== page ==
July 30, 2012

Singin' in the Rain

Even a summer rain shower cannot get the best of my stylist, Amy Keller, and my amazing photographer! While shooting this weekend, I may have been dressed up and ready to go, but we embraced the moment as I happily hummed "Singin' in the Rain" for this sequence:




Dress: vintage (stylist's own) / Scarf: Coach (commemorating first fragrance launch in 2007)
Shoes: vintage Chanel (stylist's own)
Styled by: Amy Keller

July 27, 2012

Styling it Forward

When I first reached out to my stylist, I admitted to her that I had absolutely no idea how to dress casually.  I had adopted the philosophy that once you find an outfit that works for you, you copy it and wear it every way possible. That "uniform" consisted of dark wash denim, a white oxford, and a black blazer. For work, that meant some sort of a suit (i.e. anything with a blazer). For stage, I hauled out the diva gowns. But for play ... wait, what?

I tried cargo pants, double-knit v-neck tops and platform flip-flops. I tried workout clothes. I resorted to a variation on my pajamas. That's when I finally realized, I needed help because I did not understand. When I was "on," I had an idea of what worked - and felt very different about myself in a positive way. But when it was time to be "casual," "out and about," or "everyday Jenn," I hadn't a clue. To make matters worse, what I did choose was the exact opposite of what looked flattering on my (very) hourglass shape. Non-tailored, slouchy, double knit, cropped cargo does not a flattering look make on this lady! So I hid in my house in the middle of the desert.

For a series of gigs I had on the East Coast during the summer of 2008 (which would ultimately lead to our move back to New York), I worked up the nerve to actually ask for the help. (Remember, I'm a Virgo. We don't do that well!) My girlfriend Amy happily came to my aid. She explained to me the basic fundamentals of dressing for my shape, the staples I needed in my closet, and the danger zone of pieces that just were not going to work on my body. She talked me through as we went rack-by-rack while she picked out looks that worked for my body. And good heavens did I buck her! "You want me to wear that?" "Uhhhhhhh ... I have to belt this?" "I can't just wear that with a blazer?" "Aren't dresses just for being dressy?" Those were some of my more common responses.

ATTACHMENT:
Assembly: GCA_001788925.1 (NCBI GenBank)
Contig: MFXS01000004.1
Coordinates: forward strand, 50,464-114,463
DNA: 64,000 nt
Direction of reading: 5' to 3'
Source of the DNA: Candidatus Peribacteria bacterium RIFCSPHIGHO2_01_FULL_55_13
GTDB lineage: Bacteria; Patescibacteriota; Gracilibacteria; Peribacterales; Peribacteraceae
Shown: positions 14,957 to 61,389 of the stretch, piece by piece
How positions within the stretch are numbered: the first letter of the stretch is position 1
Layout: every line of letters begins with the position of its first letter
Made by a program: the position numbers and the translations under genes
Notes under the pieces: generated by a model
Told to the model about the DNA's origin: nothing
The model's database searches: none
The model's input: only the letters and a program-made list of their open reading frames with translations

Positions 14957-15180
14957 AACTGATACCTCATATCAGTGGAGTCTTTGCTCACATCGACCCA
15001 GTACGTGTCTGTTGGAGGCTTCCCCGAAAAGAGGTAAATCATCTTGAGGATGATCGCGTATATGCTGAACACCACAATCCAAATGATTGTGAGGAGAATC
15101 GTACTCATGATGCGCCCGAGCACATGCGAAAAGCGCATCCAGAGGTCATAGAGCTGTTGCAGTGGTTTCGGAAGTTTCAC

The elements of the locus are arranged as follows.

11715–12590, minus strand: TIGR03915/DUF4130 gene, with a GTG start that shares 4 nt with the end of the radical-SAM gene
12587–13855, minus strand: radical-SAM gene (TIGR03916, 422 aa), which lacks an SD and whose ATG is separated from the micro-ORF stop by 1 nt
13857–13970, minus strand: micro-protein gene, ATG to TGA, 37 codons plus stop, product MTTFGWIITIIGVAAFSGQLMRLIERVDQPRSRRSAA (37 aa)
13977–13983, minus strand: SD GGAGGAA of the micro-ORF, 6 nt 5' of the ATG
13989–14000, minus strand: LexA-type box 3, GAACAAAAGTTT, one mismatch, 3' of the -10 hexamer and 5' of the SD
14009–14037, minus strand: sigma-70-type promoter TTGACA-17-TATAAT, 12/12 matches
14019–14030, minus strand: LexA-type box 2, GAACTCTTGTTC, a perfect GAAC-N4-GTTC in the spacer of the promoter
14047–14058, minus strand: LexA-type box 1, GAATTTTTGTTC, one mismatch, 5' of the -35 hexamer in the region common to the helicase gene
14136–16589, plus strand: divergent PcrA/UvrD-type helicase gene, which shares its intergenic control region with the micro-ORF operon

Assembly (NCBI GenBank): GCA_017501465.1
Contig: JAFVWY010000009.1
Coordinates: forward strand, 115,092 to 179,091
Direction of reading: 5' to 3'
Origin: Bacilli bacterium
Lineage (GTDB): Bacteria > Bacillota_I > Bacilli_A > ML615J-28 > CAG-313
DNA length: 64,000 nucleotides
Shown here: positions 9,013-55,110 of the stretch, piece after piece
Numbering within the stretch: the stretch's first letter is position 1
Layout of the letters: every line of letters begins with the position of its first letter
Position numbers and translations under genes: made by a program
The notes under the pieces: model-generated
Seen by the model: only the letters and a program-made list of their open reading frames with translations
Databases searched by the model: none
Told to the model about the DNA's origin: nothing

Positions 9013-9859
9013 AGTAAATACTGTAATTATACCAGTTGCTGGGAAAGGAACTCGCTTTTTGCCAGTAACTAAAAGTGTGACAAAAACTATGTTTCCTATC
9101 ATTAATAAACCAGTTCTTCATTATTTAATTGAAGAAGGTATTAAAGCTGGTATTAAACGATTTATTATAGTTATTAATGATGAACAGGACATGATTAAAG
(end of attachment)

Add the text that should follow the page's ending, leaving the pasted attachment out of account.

However, I instinctively trusted her. And I had good reason - she had the know-how, the experience, and was getting ready for her own move to New York to continue her career in fashion. So, I listened. I stepped outside my comfort zone ... and in all truth, the process really did change my life.

I would like to believe in my very new age, self-help way that it shouldn't matter what we wear. We should just be these incredible spiritual beings having a human experience, and all of the love & light that comes from that way of being is enough.

Maybe in a perfect world.

However, changing what I put on my body back in 2008 helped me put the bat down. I no longer felt dumpy in my clothing, even though at the time I was struggling with my weight. I distinctly remember Amy saying to me:
"Jenn Newman. I can dress you at any size. Stop worrying about that. Your shape is your shape, and I will put you in clothing that looks amazing on you no matter what." 
That was the turning point.

4-1/2 years later, a cross-country move, life-changing circumstances, and everything in between, that sassy strawberry blonde girl I met years ago while working together at Coach has dressed me for all of it. When I landed back in the City in January 2009, I knew I could get up every morning and go get 'em because I wasn't worried about how I looked. Which translated to feeling great. Which translated to wanting to take even better care of myself. Which translated to eating well, lessening the need to "cover myself up" with too much makeup and over-sized clothing. I actually discovered something: my true self is worth taking care of on the outside, too!

Over the last several weeks, we (Amy, my photographer & I) have given you a glimpse of how Amy continues to style me. My hope is that even just one lady can put the bat down, stop hating her body type, or take the time to invest in learning how to dress for her true self. This curvy mama will tell you: just be you - but - why not be the best version of yourself?! It will mean some changes, yes. It will mean some cost. And it will mean having someone help you. But the end result, I promise, you will actually feel.

After all ... you are worth it!

xx JN

July 26, 2012

Muppet Pride

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Over the course of the last several days, Chick-Fil-A has made quite a name for themselves. Set aside their reputation for delicious waffle fries and chicken sandwiches, they have a new reputation: as an anti-gay organization.

I find it ironic they serve chicken, because the Chick-Fil-A organization is certainly acting like their feathered friends. Along with Dan Cathy's words are the company's donations to Exodus International and the Family Research Council - organizations that are rooted in fear, bigotry and hate - all under the guise of words like, "Bible," "Jesus," "freedom," "faith," "family," etc.

Since Dan Cathy's statement, a social media storm broke out against the 6-day-a-week-fast-food-chain. The line has been drawn in the sand, and there are now two distinct camps.

I stand with the Muppets.